Books of Damodar Mauzo


First published in 1988, Rumadful is a delightful collection of short stories that capture a wide range of human emotions. In this collection, the author has also experimented with the science fiction genre, a bold step to take in Indian language fiction during the time it was published

Publisher:  Under the Peepal Tree

ISBN:  9789384129545


Publisher: Ponytale Books

ISBN: 978-93-80637-11-2

Thirteen-year-old Simon lives in a coastal village in South Goa.  He juggles school, dancing, karate classes and thoroughly loves the sea, especially going on fishing trips with his father, Gabru.  Despite growing up in modern times, Simon nurtures a deep love for their traditional fisher-folk life.  This winter Simon goes to Tamil Nadu, to spend his Christmas vacation with his aunt. But the holiday comes to a disastrous end.  One morning, when out fishing with his uncle, the gigantic waves of the tsunami strike the coast of South India sparing little that lay in its path



Some books form a symbiotic relationship with the reader. One can’t be sure whether the book feeds off the reader, or the reader off the book. Sahitya Akademi awardee Damodar Mauzo’s latest collection of short stories, Teresa’s Man and other stories from Goa (masterfully translated from Konkani by Xavier Cota) may not be impossible to put down, but it would be dishonest to deny the cosy relationship it develops with the reader in the unforgettable journey through the stories.


For detailed review:

The Last Poem

– Saratchandra Shenoi

(English translation from the Konkani original by poet himself)

As like a flash of lightening upon a dark sky,
When the last poem comes forth, bright and blinding,
I shall not take up the pen,
Nor ask for a piece of paper –

As like the scene of a dream reappearing
Before my waking eyes,
When the last poem appears a-shimmering,
It would not reach my lips,
I would not recite its lines –

As like the morning breeze playing in the garden,
As like the rainbow appearing and vanishing,
As like nature at dusk, lost in her own beauty,
When the last poem shines forth,
I shall not attempt to touch it,
I shall not pluck words from it –

As like soothing raindrops in mid-summer
When the last poem condenses within,
Wings will grow upon my back,
I shall fly, and I shall float,
Weightless, I shall swim
Upon the waves of the Wind –

As like the slow smile blossoming through
Ebbing tears upon the face of a weeping child,
When the last poem dawns within,
I shall forget myself
And stand entranced,
Wingtips a-touching,
Lo, I shall become the poem!

“Konkani short story genre has a bright future ahead”

Interview of Damodar Mauzo with Sivasankari


Born in the year 1944, Damodar Mauzo is one of the outstanding short story writers in the world of Konkani literature.  His contributions have been recognised and honoured by several literary organisations including the Central Sahitya Akademi, Goa Kala Academy and the Konkani Bhasha Mandal. .

Although it was your novel Karmelin which won the Sahitya Akademi award, your short stories are said to have enriched Konkani literature. As a famous short story writer, can you trace the origins of the short story genre in Konkani, its growth and also the writers who distinguished themselves in this genre?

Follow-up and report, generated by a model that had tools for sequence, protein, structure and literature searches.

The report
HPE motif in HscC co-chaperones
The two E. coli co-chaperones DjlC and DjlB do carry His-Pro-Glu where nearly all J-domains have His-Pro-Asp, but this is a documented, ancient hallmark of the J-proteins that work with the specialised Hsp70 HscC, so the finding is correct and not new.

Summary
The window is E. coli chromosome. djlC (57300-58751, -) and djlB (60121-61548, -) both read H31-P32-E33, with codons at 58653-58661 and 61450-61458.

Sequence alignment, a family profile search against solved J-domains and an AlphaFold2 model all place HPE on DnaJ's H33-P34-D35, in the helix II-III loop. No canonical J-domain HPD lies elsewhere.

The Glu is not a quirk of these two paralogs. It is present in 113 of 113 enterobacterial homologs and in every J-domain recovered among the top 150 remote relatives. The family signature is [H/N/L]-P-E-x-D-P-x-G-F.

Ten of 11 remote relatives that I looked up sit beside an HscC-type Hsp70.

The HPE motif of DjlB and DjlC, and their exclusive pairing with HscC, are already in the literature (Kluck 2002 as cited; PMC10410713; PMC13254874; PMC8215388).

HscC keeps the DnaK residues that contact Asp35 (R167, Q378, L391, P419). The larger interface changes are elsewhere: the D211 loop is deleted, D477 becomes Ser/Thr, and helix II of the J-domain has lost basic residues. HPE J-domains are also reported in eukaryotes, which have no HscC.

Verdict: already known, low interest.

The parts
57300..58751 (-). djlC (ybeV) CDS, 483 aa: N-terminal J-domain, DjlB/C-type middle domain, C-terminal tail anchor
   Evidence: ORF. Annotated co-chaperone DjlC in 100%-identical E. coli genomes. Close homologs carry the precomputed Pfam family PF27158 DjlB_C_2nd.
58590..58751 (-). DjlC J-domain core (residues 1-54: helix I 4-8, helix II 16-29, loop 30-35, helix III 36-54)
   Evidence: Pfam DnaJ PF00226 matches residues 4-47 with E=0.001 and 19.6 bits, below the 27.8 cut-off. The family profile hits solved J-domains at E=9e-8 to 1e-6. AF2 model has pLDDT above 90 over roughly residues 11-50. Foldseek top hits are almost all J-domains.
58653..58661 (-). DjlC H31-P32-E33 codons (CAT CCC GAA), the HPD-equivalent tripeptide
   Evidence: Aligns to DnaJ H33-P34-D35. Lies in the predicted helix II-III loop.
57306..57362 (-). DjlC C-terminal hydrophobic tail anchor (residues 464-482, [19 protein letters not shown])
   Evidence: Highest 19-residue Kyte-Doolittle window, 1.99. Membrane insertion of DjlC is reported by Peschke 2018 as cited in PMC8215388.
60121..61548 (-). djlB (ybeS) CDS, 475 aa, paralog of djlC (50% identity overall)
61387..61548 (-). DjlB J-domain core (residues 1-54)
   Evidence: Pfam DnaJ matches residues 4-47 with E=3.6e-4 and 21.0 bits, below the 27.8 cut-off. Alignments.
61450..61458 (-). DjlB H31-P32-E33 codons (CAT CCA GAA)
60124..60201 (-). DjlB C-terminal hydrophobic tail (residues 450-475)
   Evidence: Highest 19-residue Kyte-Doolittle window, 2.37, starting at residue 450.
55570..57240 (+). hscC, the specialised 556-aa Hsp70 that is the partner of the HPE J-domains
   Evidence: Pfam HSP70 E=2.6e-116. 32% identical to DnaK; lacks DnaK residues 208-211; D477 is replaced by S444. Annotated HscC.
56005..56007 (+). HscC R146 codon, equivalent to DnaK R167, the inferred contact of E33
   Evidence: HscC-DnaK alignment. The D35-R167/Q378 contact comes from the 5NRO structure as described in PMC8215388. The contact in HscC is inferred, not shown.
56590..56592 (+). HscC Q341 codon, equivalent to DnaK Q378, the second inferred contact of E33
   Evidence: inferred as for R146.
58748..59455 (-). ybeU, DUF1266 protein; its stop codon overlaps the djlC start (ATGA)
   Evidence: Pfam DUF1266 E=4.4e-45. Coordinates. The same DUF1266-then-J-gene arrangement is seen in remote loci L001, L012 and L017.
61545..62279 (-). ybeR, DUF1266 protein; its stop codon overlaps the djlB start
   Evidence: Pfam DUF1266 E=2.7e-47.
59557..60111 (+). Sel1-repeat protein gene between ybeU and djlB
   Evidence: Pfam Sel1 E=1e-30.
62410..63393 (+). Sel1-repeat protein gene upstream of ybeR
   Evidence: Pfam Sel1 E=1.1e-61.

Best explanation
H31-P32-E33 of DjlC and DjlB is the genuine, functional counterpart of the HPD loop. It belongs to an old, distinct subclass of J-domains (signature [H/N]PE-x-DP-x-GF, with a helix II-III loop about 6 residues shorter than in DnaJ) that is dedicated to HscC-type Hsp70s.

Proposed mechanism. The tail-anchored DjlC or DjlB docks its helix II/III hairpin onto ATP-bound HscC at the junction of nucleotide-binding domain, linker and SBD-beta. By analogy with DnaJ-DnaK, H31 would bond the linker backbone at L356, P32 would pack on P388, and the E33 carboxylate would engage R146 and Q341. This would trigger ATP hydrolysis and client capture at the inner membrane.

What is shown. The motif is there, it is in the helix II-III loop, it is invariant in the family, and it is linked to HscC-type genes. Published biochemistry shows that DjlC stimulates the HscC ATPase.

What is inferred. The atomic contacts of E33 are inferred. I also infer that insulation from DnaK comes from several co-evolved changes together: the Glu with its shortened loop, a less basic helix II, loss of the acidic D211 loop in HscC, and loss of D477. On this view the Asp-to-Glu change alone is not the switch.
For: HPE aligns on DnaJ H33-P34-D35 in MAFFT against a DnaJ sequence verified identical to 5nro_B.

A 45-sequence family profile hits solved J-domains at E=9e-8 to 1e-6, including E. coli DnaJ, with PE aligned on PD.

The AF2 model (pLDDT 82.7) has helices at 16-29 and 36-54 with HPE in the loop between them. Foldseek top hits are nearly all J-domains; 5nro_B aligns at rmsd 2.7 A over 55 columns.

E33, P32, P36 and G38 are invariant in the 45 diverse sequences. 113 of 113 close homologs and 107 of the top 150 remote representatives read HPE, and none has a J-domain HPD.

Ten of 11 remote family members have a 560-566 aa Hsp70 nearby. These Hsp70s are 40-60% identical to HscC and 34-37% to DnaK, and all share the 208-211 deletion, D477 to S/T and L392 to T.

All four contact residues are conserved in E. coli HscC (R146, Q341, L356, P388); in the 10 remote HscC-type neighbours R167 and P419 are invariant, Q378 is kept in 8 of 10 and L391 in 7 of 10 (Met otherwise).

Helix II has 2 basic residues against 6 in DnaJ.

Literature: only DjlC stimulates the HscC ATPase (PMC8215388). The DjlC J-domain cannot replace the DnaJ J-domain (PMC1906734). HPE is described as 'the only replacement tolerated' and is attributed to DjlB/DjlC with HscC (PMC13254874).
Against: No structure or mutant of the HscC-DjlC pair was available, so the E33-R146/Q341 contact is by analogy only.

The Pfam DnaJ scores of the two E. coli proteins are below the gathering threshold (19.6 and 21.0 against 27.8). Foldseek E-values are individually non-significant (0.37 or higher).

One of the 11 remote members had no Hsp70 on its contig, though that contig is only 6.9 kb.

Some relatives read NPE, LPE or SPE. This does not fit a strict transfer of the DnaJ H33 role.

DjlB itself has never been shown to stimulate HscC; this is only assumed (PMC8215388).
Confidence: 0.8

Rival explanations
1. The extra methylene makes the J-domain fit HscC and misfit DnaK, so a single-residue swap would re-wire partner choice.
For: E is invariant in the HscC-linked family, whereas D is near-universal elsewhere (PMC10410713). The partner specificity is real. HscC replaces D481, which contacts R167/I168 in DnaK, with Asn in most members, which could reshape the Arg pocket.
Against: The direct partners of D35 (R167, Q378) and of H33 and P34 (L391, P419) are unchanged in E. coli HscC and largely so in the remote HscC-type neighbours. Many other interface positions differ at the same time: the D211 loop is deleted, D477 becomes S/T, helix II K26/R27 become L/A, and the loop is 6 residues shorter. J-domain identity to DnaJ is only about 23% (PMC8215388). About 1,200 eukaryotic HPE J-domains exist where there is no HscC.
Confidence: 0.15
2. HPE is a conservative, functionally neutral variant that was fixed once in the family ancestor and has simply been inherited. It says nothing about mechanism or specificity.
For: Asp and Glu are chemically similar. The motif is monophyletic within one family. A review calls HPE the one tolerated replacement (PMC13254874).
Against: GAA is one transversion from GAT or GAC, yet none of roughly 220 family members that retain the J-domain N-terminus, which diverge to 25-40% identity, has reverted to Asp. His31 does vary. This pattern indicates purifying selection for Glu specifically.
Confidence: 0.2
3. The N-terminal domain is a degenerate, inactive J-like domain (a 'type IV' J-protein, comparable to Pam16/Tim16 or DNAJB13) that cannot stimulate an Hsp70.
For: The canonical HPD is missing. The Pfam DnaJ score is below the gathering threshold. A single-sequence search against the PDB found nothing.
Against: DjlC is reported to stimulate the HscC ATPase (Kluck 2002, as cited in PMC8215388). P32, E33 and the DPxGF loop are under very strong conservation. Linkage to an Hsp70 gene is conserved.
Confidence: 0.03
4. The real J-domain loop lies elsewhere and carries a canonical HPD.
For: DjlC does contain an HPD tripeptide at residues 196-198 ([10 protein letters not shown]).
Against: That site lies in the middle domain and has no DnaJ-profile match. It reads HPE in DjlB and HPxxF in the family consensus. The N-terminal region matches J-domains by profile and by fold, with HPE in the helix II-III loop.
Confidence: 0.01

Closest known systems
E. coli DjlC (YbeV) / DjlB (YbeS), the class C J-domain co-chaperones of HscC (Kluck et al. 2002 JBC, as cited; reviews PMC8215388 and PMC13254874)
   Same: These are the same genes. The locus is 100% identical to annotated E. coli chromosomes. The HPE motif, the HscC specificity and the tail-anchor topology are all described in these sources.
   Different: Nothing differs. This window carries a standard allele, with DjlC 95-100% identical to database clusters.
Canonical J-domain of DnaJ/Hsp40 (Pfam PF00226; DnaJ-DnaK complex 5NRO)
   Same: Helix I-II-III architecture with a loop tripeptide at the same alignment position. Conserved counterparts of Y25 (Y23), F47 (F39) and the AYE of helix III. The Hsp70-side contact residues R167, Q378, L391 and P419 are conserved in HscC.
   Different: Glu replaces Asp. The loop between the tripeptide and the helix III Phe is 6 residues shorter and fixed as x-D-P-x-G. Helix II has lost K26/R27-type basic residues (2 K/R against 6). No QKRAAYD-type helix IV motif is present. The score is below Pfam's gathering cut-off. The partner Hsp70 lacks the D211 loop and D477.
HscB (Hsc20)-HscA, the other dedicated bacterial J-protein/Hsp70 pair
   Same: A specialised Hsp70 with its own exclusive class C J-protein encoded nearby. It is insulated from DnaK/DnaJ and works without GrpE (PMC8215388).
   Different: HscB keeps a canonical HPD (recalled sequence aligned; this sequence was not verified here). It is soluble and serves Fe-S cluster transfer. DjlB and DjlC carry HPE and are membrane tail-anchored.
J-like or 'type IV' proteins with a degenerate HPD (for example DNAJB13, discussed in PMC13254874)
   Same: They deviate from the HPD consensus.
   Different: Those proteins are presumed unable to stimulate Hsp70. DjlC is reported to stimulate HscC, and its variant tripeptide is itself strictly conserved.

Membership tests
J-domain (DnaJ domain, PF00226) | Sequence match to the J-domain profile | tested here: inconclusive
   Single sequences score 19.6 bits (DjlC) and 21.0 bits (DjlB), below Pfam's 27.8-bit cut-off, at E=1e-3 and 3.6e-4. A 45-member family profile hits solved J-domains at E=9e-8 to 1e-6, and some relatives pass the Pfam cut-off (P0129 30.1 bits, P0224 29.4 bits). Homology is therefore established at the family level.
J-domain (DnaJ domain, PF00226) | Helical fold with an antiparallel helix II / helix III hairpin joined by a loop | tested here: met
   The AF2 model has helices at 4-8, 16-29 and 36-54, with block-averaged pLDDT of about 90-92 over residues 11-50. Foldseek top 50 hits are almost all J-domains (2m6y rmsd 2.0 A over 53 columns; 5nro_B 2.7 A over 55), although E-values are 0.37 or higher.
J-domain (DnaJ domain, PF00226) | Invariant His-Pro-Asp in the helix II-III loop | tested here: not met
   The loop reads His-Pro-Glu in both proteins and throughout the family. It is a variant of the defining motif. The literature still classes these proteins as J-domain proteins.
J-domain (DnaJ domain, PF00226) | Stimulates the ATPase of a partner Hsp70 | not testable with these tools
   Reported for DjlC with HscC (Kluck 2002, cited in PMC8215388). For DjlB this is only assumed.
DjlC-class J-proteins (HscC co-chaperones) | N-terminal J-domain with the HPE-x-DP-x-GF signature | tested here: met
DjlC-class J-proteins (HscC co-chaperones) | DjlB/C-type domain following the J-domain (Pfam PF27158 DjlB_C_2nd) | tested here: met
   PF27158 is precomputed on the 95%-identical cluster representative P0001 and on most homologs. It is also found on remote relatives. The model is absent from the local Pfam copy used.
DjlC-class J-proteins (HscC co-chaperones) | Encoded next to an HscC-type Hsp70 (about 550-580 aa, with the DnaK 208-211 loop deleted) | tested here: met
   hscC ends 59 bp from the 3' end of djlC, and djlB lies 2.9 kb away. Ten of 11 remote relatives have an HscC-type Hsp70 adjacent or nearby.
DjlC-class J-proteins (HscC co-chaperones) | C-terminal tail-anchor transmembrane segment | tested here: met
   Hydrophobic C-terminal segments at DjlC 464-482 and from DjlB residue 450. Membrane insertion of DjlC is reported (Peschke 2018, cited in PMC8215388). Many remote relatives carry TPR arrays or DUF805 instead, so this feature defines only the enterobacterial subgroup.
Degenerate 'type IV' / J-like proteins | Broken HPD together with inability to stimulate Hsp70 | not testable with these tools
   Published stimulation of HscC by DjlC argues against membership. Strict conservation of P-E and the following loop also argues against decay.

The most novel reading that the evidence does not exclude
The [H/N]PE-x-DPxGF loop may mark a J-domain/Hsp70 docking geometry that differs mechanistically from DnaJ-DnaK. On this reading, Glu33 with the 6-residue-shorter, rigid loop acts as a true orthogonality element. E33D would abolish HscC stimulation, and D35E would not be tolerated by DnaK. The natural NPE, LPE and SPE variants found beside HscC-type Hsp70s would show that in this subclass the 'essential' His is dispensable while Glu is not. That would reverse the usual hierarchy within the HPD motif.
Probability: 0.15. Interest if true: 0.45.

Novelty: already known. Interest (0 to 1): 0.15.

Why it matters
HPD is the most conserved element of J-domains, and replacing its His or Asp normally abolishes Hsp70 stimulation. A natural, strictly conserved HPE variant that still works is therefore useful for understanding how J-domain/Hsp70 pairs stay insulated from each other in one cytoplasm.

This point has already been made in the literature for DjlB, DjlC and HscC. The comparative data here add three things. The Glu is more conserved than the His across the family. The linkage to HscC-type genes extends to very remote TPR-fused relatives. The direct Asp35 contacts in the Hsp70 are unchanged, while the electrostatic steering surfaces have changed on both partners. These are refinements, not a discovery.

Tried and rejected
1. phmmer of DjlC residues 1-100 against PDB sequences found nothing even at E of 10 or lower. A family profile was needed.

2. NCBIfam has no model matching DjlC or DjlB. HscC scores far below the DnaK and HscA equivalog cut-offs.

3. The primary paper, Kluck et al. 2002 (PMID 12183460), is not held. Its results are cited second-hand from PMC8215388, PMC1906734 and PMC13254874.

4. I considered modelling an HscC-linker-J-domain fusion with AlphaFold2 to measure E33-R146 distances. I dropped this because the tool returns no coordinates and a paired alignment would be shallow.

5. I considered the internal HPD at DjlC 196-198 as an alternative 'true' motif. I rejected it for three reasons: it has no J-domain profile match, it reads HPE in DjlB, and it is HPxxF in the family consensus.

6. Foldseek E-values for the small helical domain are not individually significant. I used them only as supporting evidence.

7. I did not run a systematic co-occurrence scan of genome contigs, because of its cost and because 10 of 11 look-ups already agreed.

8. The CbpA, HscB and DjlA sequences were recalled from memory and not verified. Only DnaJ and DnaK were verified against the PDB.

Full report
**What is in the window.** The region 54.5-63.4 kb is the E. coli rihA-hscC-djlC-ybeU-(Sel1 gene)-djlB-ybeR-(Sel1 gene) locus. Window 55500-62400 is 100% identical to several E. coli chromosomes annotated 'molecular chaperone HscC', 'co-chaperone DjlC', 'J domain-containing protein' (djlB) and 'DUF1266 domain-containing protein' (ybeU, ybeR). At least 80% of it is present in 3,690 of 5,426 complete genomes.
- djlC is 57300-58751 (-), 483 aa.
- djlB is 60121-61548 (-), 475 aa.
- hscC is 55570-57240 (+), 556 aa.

Shenoy Goembab, alias Vaman Raghunath Varde Valaulikar, was in fact the first to introduce the modern short story genre to Konkani literature. He was instrumental in launching the Konkani literary movement and guiding it. He also contributed to every genre in Konkani literature. I would call the short story ‘Where did my mother go?’ published in 1928 as the first short story in modern Konkani literature.

Why do you repeatedly use the prefix ‘modern’?

I am using the prefix ‘modern’ because even the sixteenth century, a writer by name Krishnadas Shama was writing short stories in the form of folk tales. Using the epics Ramayana and Mahabharata as a base, he created stories using his own imagination, technique etc. Isn’t Krishnadas Shama to be recognised for his efforts that came at a time when no such similar efforts had been made in any other Indian language?

Definitely. What was the theme of Shenoy Goembab’s first short story?

It was based on human emotions. It was the story of a little boy who loses his beloved mother to death. The child constantly wonders where his mother is. The adults around try to console him by saying that she has gone to the house of God. Unable to bear the parting, the child prays that his mother should come back or else that he should be taken to her. The child falls ill soon after and dies as well. One cannot call the theme or the style outstanding and yet it was the first emotion filled short story written over seventy years ago.

Who are the writers who made a significant contribution to the Konkani short story genre after Shenoy Goembab and which were the most outstanding short stories?

Before answering your question, I wish to remind you of a fact. Our primary objective until the liberation of Goa was to protect and revive the Konkani language that had been suppressed during the Portuguese rule. It is a fact that our writers concentrated more on reviving the language and taking it back to the people rather than on experimental efforts, technique, style etc. We have to accept that, as a result, works of outstanding literary value were not really produced in that time period. Besides, you must also be aware of the stringent censorship laws that prevailed here. Since the writers living in Goa were not able to think and function quite as freely as those who lived outside, most of our literature was being produced from outside. The short stories that were part of the first two published Konkani short story collections, Onvllam and Bhuim Chafim, were written by writers living in Karwar and elsewhere. Even those collections were published from Bombay. The youth who went to Bombay and elsewhere in order to pursue higher studies came out with an inter-collegiate literary magazine Vidya, to serve as an outlet for their creative instincts. The students of that time can be credited with having published Konkani one-act plays and also staging them.